How to Get Help With Estimated Tax Payments

The federal government requires you to pay income tax throughout the year. A penalty is usually avoided by paycheck withholding or paying four estimated tax payments.

No penalty is assessed when four equal tax installments fall within $1,000 or 90% of your tax liability.

You also avert penalty with four equal tax payments totaling 100% of your tax liability in the preceding year. When your adjusted gross income for the year is greater than $150,000 – or $75,000 if married filing separately – pay 110% instead of 100%.

Estimated tax payments based upon your last tax return prevent the penalty but can create other problems. If your income for 2012 is higher than 2011, you owe more tax in April 2013. If your income is lower in 2012, you pay more than necessary as an interest-free loan to the government.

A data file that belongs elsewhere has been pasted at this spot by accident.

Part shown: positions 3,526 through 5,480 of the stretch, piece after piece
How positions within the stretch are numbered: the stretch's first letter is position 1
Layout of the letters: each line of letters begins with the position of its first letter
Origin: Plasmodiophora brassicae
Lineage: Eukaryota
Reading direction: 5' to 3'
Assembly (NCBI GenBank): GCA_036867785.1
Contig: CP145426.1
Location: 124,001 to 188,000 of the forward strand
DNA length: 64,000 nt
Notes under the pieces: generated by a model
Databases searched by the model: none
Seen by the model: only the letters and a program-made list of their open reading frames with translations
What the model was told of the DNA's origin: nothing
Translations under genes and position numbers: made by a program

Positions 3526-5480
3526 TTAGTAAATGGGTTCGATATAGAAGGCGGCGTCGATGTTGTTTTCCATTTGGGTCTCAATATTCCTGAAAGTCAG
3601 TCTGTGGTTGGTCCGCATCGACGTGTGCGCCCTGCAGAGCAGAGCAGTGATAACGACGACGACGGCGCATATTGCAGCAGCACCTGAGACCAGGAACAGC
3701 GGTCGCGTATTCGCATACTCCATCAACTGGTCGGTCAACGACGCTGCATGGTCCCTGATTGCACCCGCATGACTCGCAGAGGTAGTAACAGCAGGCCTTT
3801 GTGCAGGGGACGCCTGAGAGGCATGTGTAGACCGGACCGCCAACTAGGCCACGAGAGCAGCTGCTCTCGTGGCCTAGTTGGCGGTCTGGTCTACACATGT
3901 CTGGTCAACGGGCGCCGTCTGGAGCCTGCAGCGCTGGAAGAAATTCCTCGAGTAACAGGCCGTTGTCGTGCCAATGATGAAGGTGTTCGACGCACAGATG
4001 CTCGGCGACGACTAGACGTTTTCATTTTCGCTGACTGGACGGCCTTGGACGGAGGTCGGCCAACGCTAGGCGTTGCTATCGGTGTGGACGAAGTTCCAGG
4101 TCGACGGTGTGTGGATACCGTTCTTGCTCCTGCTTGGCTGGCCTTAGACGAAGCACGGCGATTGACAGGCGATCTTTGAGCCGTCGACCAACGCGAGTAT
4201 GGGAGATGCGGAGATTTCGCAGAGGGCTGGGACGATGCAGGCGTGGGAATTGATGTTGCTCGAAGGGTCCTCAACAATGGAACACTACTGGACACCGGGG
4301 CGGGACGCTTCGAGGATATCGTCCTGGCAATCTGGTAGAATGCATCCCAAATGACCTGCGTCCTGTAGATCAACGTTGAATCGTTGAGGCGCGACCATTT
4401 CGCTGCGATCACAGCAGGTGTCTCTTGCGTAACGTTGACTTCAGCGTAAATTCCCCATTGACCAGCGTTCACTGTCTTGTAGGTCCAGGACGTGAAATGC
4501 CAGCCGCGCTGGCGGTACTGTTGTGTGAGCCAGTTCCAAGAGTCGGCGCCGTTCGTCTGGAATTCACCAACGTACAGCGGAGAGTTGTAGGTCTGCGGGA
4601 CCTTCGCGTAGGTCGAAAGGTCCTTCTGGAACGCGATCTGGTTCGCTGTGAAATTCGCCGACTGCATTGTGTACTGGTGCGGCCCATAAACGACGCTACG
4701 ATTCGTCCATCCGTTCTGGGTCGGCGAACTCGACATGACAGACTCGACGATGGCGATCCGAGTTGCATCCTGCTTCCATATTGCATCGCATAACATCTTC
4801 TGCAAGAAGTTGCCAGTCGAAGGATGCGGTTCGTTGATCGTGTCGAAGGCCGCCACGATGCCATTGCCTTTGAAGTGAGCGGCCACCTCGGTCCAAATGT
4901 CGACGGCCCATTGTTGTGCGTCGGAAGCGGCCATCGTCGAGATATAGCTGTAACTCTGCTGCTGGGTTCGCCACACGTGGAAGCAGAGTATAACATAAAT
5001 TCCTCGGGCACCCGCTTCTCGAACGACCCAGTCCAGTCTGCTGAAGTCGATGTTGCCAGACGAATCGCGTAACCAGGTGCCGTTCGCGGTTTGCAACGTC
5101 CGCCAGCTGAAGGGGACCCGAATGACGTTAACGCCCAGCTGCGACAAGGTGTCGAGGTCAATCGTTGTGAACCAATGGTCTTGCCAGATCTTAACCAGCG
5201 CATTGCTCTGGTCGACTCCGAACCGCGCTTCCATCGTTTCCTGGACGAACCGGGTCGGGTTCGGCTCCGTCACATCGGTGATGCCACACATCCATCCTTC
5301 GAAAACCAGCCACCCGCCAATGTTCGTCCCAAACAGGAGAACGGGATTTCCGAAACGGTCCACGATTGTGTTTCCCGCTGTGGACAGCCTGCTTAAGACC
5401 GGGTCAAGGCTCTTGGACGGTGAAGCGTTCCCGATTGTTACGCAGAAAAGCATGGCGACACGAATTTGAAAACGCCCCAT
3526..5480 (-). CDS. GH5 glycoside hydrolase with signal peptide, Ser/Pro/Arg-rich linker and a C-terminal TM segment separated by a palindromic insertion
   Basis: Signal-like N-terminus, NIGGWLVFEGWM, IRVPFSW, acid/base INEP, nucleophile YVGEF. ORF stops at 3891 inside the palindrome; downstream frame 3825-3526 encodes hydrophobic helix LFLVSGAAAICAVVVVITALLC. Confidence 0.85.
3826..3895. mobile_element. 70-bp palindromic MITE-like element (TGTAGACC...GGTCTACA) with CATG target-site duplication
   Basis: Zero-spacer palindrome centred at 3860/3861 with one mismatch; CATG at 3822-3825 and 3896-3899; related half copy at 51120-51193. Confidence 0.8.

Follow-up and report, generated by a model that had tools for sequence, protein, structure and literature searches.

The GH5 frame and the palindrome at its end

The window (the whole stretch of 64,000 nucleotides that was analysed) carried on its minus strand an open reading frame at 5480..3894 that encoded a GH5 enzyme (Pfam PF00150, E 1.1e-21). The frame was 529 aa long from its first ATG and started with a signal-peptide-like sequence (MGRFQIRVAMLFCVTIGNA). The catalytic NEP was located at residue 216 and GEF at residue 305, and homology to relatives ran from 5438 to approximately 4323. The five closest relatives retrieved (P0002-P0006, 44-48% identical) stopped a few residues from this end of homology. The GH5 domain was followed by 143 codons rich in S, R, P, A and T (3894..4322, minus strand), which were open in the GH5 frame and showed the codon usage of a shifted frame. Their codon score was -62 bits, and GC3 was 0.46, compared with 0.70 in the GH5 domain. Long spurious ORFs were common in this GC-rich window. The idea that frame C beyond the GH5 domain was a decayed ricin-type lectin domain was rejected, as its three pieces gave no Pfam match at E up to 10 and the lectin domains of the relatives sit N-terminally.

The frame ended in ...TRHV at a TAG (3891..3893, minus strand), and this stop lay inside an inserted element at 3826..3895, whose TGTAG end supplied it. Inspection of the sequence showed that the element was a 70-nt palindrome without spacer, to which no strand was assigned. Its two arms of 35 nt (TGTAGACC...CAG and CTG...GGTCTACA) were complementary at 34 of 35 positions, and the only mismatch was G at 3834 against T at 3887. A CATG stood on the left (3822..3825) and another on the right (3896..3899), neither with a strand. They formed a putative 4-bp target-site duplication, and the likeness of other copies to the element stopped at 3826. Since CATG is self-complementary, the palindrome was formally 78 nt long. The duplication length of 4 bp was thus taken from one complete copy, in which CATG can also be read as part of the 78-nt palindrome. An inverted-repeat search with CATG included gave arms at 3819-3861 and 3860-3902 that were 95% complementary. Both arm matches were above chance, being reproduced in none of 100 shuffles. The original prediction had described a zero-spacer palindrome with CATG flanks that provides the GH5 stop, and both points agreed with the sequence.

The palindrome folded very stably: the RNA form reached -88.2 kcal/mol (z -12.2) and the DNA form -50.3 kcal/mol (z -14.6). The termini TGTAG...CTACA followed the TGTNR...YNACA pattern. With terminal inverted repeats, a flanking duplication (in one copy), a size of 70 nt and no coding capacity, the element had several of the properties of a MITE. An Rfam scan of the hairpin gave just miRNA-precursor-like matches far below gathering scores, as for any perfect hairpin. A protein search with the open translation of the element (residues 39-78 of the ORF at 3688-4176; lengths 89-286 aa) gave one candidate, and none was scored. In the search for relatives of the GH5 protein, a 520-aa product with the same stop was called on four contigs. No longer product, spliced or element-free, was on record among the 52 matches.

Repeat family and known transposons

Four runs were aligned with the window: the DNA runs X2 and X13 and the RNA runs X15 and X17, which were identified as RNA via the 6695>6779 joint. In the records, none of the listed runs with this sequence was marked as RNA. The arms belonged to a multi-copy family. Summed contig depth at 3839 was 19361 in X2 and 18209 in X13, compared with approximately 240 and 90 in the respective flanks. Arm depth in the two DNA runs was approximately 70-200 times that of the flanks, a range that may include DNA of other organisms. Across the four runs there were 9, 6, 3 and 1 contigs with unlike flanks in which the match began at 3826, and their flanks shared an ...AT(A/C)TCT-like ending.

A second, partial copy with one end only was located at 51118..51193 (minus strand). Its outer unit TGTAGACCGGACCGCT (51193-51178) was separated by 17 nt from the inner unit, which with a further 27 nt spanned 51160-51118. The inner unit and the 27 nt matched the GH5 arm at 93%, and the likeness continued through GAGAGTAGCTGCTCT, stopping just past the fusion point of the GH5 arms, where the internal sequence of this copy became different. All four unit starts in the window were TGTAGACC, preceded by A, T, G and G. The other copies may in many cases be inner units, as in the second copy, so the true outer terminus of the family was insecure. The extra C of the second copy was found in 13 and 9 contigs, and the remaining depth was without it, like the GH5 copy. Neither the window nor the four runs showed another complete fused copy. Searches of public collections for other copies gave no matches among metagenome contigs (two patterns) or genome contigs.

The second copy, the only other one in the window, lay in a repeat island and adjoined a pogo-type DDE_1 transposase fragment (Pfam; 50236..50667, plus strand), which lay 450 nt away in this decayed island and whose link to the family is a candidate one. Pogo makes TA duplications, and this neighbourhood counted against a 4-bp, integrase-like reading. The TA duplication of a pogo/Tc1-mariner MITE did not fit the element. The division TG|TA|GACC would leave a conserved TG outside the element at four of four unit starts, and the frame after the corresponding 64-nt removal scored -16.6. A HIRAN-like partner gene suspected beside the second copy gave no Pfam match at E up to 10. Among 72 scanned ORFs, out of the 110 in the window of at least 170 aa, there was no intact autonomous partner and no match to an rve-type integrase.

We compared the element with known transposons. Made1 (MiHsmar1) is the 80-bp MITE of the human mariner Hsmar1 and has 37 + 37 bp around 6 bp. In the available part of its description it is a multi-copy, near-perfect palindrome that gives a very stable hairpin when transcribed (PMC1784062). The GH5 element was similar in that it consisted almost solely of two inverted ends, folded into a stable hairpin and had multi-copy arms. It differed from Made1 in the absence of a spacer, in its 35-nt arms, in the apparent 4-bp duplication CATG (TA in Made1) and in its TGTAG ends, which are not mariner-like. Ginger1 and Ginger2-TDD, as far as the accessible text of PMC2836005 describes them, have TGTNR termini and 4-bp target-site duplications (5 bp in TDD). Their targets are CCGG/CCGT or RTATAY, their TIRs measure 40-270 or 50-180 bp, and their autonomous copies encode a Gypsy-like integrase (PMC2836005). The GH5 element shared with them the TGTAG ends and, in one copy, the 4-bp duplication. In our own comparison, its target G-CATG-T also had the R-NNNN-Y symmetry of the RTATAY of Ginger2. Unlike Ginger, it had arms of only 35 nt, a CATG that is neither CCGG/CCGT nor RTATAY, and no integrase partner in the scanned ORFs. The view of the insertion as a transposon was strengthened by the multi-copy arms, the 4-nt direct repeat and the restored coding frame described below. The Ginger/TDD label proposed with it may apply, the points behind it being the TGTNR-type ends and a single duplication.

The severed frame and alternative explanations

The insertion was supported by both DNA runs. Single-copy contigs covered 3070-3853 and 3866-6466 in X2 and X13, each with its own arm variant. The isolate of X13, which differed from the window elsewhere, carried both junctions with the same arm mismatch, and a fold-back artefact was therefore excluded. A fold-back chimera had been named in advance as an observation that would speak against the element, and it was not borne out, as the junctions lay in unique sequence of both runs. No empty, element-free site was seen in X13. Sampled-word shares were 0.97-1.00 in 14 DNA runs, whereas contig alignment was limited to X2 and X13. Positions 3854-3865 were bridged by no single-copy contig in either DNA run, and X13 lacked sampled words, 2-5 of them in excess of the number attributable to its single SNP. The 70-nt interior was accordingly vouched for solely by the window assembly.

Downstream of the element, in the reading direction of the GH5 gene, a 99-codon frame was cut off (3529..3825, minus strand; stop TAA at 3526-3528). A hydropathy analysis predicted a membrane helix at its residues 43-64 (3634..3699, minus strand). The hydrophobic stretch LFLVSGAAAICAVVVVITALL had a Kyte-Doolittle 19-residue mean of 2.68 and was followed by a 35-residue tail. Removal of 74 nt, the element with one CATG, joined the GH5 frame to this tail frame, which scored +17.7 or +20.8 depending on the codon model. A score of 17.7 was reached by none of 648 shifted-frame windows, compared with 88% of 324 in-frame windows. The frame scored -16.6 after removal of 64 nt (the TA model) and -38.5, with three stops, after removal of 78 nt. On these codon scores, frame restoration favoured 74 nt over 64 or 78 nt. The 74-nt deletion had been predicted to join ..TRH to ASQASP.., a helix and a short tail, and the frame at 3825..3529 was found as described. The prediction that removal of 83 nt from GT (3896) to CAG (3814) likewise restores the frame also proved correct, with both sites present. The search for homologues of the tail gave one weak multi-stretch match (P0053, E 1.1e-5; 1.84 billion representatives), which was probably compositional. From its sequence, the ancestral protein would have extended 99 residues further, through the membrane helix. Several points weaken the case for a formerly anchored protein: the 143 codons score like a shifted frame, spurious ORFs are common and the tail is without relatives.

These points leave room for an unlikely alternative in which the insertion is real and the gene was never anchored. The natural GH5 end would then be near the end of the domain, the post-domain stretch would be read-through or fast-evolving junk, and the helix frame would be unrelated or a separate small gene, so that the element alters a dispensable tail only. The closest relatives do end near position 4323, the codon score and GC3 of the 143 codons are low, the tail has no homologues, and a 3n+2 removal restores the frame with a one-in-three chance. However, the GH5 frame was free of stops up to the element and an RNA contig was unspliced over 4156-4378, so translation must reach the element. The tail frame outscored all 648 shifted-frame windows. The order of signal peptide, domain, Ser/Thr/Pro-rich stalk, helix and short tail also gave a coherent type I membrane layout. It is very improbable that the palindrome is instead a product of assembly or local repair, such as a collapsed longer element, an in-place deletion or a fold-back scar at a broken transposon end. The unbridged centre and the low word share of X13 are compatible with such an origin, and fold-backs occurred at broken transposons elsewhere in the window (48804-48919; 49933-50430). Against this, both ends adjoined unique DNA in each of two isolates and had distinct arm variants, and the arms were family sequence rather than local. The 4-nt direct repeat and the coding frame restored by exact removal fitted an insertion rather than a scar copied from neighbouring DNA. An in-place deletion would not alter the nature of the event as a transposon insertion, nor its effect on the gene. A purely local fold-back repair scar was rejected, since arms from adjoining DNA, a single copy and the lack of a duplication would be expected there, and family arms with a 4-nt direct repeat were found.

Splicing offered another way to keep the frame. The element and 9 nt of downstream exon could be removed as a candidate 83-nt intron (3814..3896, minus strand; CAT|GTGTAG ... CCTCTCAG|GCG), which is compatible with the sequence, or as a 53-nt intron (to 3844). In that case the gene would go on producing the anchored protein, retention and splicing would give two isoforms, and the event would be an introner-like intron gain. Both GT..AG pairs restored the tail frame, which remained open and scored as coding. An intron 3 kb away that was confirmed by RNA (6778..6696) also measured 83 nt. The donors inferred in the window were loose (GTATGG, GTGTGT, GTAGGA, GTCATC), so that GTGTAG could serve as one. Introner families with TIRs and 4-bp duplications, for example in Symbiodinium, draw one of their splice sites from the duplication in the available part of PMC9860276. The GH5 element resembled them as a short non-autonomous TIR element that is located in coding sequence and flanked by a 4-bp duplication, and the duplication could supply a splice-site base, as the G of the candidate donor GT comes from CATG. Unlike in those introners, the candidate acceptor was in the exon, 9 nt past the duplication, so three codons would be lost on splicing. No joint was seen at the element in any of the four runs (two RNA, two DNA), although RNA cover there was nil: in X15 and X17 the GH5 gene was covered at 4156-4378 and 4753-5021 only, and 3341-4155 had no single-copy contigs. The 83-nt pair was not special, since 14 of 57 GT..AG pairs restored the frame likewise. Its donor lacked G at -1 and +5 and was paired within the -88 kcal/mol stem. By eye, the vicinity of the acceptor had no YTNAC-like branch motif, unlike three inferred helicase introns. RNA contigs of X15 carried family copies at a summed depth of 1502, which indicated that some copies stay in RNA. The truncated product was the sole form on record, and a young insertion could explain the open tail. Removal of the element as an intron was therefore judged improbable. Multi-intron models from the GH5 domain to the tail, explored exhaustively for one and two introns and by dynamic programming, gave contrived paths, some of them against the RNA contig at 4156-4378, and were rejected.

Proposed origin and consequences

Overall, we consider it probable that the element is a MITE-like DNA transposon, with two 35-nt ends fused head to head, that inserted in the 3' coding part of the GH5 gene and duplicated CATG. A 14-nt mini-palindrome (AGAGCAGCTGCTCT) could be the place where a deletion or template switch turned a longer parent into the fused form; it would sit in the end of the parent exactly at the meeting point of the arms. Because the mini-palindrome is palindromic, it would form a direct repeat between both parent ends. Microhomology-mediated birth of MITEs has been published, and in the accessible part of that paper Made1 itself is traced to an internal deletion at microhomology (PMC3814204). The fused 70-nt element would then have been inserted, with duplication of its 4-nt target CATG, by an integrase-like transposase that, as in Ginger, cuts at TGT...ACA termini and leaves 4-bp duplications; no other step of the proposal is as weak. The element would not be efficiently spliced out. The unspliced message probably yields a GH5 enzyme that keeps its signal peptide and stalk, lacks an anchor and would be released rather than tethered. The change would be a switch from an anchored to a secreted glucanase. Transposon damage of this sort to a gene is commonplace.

To resolve this, ask your certified public accountant (CPA) to calculate your 2012 estimated tax payments based upon the “regular installment method.” This computation requires you to provide your CPA with expected income and deductions for the entire year.

If necessary, you can make an estimated tax payment for one period in which you incur unexpected additional income.

Ask your CPA to determine an estimated tax payment based upon the “annualized installment method.” However, if you earn income throughout the year from which tax is not withheld, simply paying four equal payments is much easier. Determination of your tax each quarter is not possible without full-year estimates of income and deductions.